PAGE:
6. This Treaty shall be registered by the Depositary Governments pursuant to Article 102 of the Charter of the United Nations.

Article XV
Any State Party to the Treaty may propose amendments to this Treaty. Amendments shall enter into force for each State Party to the Treaty accepting the amendments upon their acceptance by a majority of the States Parties to the Treaty and thereafter for each remaining State Party to the Treaty on the date of acceptance by it.

Article XVI
Any State Party to the Treaty may give notice of its withdrawal from the Treaty one year after its entry into force by written notification to the Depositary Governments. Such withdrawal shall take effect one year from the date of receipt of this notification.

Article XVII
This Treaty, of which the English, Russian, French, Spanish and Chinese texts are equally authentic, shall be deposited in the archives of the Depositary Governments. Duly certified copies of this Treaty shall be transmitted by the Depositary Governments to the Governments of the signatory and acceding States.

IN WITNESS WHEREOF the undersigned, duly authorized, have signed this Treaty.

DONE in triplicate, at the cities of London, Moscow and Washington, the twenty-seventh day of January, one thousand nine hundred and sixty-seven.


--------------------------------------------------------------------------------

Note
1. Official Records of the General Assembly, Twenty-first Session, agenda items 30, 89 and 91, document A/6431.


El Tratado del Espacio Ultraterrestre de las Naciones Unidas (en ingl茅s), que los EE.UU. ha ratificado, exige que "La luna y otros cuerpos celestes sean utilizados por todos los Estados exclusivamente para fines pac颅ficos. El establecimiento de bases militares, instalaciones y fortificaciones, y las pruebas de cualquier tipo de armas, al igual que la realizaci贸n de maniobras militares en los cuerpos celestes estn prohibidas."聺 98 naciones han ratificado el acuerdo y 125 naciones han firmado el Tratado del Espacio Ultraterrestre de Naciones Unidas.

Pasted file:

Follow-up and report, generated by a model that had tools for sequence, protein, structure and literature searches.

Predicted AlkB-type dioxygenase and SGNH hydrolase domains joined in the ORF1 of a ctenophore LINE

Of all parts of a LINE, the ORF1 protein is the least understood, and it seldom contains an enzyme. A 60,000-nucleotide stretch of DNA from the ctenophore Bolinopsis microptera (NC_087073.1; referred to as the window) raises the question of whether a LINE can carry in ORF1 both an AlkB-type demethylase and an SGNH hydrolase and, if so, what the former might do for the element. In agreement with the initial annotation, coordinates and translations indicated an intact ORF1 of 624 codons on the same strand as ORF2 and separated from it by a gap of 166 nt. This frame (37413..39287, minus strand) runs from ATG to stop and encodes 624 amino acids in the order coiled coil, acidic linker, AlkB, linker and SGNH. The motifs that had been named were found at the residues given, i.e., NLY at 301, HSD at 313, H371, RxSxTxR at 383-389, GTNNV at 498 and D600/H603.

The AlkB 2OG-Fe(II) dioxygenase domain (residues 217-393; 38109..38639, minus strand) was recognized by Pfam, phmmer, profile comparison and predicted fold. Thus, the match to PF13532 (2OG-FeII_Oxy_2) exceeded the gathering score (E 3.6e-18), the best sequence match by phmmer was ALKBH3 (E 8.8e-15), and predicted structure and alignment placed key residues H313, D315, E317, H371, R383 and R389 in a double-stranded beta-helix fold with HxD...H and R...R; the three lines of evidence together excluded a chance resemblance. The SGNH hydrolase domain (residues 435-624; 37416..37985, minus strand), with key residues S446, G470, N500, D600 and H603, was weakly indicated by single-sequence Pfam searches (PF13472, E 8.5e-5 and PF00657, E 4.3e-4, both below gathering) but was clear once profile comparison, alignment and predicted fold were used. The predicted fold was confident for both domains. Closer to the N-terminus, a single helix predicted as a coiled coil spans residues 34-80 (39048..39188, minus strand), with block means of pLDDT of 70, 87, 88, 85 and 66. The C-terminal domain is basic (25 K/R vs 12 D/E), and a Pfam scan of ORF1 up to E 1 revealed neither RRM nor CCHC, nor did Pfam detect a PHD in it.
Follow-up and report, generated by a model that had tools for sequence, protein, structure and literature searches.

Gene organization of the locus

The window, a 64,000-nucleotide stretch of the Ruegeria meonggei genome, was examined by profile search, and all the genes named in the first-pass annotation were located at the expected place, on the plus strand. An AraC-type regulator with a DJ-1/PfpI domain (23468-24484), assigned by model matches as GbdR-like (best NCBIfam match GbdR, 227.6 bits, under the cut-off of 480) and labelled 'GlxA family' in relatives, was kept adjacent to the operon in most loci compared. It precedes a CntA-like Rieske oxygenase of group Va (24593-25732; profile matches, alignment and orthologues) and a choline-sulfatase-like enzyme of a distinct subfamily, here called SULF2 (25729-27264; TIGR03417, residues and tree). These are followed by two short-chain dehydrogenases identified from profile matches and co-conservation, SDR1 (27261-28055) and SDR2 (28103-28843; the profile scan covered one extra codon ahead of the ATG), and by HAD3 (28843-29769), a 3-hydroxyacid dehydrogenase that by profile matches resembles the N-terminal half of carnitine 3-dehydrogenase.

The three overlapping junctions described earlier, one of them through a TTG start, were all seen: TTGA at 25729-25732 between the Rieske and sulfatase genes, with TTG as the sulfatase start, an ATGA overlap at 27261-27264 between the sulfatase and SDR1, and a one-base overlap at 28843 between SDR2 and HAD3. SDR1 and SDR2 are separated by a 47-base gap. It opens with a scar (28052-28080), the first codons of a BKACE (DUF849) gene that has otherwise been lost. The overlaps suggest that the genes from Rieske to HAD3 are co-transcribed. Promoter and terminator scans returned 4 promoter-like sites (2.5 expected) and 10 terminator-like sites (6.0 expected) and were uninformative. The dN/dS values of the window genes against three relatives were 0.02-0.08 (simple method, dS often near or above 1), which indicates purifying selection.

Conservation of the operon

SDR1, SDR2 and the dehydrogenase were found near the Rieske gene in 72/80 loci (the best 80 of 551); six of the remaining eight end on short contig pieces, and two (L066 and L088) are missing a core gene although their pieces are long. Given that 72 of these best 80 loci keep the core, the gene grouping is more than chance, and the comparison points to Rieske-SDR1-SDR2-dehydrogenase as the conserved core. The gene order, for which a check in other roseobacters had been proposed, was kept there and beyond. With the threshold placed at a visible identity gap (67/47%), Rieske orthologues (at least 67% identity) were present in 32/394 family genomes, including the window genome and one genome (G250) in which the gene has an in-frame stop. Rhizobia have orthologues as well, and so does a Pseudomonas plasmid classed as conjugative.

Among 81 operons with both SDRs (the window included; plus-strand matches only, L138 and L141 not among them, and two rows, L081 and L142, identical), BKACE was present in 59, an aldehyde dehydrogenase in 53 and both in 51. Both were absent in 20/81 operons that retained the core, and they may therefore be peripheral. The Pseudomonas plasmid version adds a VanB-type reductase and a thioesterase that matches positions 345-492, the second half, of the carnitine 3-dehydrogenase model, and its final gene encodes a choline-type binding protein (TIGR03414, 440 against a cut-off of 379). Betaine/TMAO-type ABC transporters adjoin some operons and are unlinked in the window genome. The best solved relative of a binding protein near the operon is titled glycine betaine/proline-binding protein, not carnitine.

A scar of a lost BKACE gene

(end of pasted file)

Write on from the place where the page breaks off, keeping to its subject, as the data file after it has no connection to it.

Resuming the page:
La NASA lanz贸 la misi贸n LCROSS el pasado 18 de junio de los corrientes. Seg煤n especifica un reporte, "Cuando sobrevuele el hemisferio sur, y de acuerdo con los objetivos de la misi贸n LCROSS, la nave har uso de sus instrumentos de alta precisi贸n, el orbitador tomar imgenes de acercamiento del terreno, con la finalidad de localizar en el polo Sur de la luna, un crter lo suficientemente oscuro y a la vez no muy profundo, sobre el cual se llevar a cabo el bombardeo".

Para realizar esta operaci贸n, el orbitador LCROSS guiar un cohete CENTAUR cargando 2 toneladas de explosivos a ser utilizados contra su objetivo. El cohete impactar al crter seleccionado a una velocidad de 5,600 mph, creando tras s颅, un nuevo crter el cual se espera sea de unas 5 millas a la redonda. El impacto contra la luna est programado para el 9 de octubre del 2009.

OPERATORIA DE LA MISION


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Lanzamiento del LRO y el LCROSS el 18 de junio del 2009 desde el centro espacial de la NASA en Cabo Ca帽averal, Florida.